The in-orbit collision that destroyed a working communications satellite high above
Feb. 10 officially served notice that the threat posed by orbital debris is real, getting worse and must be addressed with a sense of urgency by governments and commercial satellite operators.
The danger cannot be eliminated, of course, but it can be mitigated through measures including disposal techniques for spent rocket stages and satellites nearing the end of their service lives; operating guidelines for satellite owners; close monitoring of the orbital environment; and collision avoidance procedures. These are all being implemented, to varying degrees, but clearly more needs to be done.
Experts have been warning for years about the growing danger of collisions as Earth orbit becomes increasingly crowded with man-made objects, the vast majority of them unattended space junk. The
military’s Space Surveillance Network now tracks some 19,000 objects the size of a baseball or larger, substantially more than a decade ago. On-orbit smashups, such as the one between Iridium 33 and Cosmos
spent Russian communications satellite that had drifted down from a higher orbit, further increase the risk by adding hundreds if not thousands of pieces of junk to the tally.
The probability of losing an operational satellite in an on-orbit collision remains low. But given the high cost of building and launching satellites, and the critical services they provide, even a low risk can be unacceptably high. In Iridium’s case, the risk inherent in operating a constellation of 66 satellites in the relative chaos of low Earth orbit is offset somewhat by the fact the loss of one can be absorbed with minimal disruptions of service. With geostationary-orbiting satellites, the collision risk is lower since they all move in the same direction at the same speed. But losing a geostationary orbiting satellite is costly – these platforms are often large and complex – and can result in major service outages across entire regions.
It is unclear whether the Iridium 33-Cosmos 2251 collision could have been avoided. Since both spacecraft had known orbits, whose parameters were updated regularly by the Space Surveillance Network, one could argue that Iridium’s flight controllers at Boeing should have seen this coming and perhaps taken evasive action. But moving satellites is risky and costs precious station-keeping fuel; meanwhile, close approaches, or conjunctions, involving Iridium satellites occur fairly frequently. Moreover, the data made publicly available via the Space Surveillance Network is fairly coarse; moving a satellite based on that alone could actually increase the danger of a collision. Under the U.S. Commercial and Foreign Entities (CFE) program, non-U.S. government satellite operators can request more detailed information and analysis from the U.S. Air Force-led Joint Space Operations Center when a conjunction appears likely. It is not clear whether Boeing did so in this case.
The Air Force, for its part, is responsible for the safety of
government assets, with astronaut-carrying vehicles ranking first on the priority list, national security satellites second. The service has not been assigned the mission of warning non-government satellite operators of all brewing collision scenarios, and whether it has the resources to do so is a matter of debate.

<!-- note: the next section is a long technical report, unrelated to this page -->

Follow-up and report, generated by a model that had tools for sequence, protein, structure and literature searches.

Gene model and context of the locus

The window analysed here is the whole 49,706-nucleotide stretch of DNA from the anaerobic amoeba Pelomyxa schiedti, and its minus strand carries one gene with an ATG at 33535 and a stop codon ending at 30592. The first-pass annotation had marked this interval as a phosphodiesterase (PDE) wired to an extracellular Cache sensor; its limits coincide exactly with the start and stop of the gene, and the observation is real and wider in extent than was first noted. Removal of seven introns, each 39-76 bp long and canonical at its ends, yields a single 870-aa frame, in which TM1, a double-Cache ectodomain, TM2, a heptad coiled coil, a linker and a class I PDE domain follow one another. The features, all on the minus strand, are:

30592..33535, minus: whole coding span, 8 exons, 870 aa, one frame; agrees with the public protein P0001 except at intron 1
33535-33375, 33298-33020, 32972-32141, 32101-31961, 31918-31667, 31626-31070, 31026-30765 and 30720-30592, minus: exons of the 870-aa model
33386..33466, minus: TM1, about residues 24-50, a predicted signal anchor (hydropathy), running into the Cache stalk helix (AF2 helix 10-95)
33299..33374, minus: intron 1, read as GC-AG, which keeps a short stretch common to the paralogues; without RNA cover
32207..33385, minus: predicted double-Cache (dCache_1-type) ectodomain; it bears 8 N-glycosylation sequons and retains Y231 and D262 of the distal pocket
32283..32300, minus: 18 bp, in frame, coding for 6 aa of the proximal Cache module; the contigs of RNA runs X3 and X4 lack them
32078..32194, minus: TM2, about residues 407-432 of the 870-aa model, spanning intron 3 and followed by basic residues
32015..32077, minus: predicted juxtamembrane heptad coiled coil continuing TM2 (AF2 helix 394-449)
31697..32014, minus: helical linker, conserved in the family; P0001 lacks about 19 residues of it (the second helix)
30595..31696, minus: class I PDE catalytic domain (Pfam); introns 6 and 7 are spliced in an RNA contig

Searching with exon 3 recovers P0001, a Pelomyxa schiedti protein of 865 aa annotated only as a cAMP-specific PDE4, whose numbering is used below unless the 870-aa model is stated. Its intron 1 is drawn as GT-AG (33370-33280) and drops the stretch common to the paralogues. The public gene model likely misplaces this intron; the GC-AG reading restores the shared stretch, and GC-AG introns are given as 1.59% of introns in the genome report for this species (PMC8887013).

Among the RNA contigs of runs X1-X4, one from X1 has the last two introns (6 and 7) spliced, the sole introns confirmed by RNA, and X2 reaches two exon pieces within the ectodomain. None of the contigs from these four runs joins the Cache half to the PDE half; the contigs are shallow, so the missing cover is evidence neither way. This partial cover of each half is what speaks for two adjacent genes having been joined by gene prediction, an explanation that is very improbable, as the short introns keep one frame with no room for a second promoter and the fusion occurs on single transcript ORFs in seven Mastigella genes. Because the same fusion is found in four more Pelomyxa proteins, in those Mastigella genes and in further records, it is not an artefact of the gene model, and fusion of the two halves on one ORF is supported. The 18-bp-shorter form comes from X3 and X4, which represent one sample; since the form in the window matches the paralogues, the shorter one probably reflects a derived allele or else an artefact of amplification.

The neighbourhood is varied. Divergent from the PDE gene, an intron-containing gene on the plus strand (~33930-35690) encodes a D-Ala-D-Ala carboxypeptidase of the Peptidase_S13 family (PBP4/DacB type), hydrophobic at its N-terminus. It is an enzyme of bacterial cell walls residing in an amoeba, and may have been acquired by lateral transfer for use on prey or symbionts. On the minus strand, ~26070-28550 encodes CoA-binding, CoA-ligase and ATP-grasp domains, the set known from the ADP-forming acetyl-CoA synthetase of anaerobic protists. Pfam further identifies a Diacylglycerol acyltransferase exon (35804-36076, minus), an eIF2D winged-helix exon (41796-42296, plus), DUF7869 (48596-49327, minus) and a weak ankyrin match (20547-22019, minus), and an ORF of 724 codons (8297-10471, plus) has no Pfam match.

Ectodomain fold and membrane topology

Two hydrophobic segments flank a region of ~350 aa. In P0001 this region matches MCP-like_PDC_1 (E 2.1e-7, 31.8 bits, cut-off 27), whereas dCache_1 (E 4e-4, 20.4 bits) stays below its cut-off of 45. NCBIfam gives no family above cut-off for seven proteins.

This particular episode aside, however, there are things that can be done broadly to limit the probability of orbital collisions. The United Nations, for example, in 2007 endorsed debris mitigation guidelines similar to those adopted in 2002 by the Inter-Agency Space Debris Coordination Committee, which includes the major spacefaring nations. These guidelines are voluntary; nobody is 100 percent compliant. But some operators have gone the extra mile: The Iridium satellites, for example, were originally intended to be steered back into the atmosphere before the end of their service lives. Had the Cosmos 2251 satellite, which launched in 1993 – well before the guidelines were adopted – and operated for only two years, been designed with a similar specification, the Feb. 10 collision never would have happened.
Meanwhile, some of the world’s leading geostationary satellite operators are working to create a clearinghouse for posting and sharing high-precision satellite location and maneuvering data. A prototype of this center already is up and operating.
The center’s effectiveness – and orbital safety in general – would be enhanced if CFE procedures for providing more precise data and conjunction analyses to non-U.S. government operators were streamlined; some complain the current arrangement is cumbersome and time consuming. Also worth examining is whether some higher-precision data can be made regularly available to certain parties, such as operators of low Earth orbiting satellites.
Under any circumstances, the CFE, currently a pilot program due to expire at the end of this year, must be reauthorized by the U.S. Congress as a full-fledged program.
Finally, governments with space surveillance capabilities should begin a dialogue aimed at creating a system for sharing orbital data among themselves and perhaps with commercial satellite operators as well. This dialogue could be conducted as part of, or in parallel to, negotiations on operating rules for spacefaring nations, known informally as rules or the road, which U.S. President BarackObama has said he would pursue.
Orbital debris is everybody’s problem; limiting the hazard is a collective responsibility that requires action on several fronts. The destruction of Iridium 33 was a wake up call, a reminder to all stakeholders that current debris mitigation efforts and initiatives must be strengthened in the months and years ahead.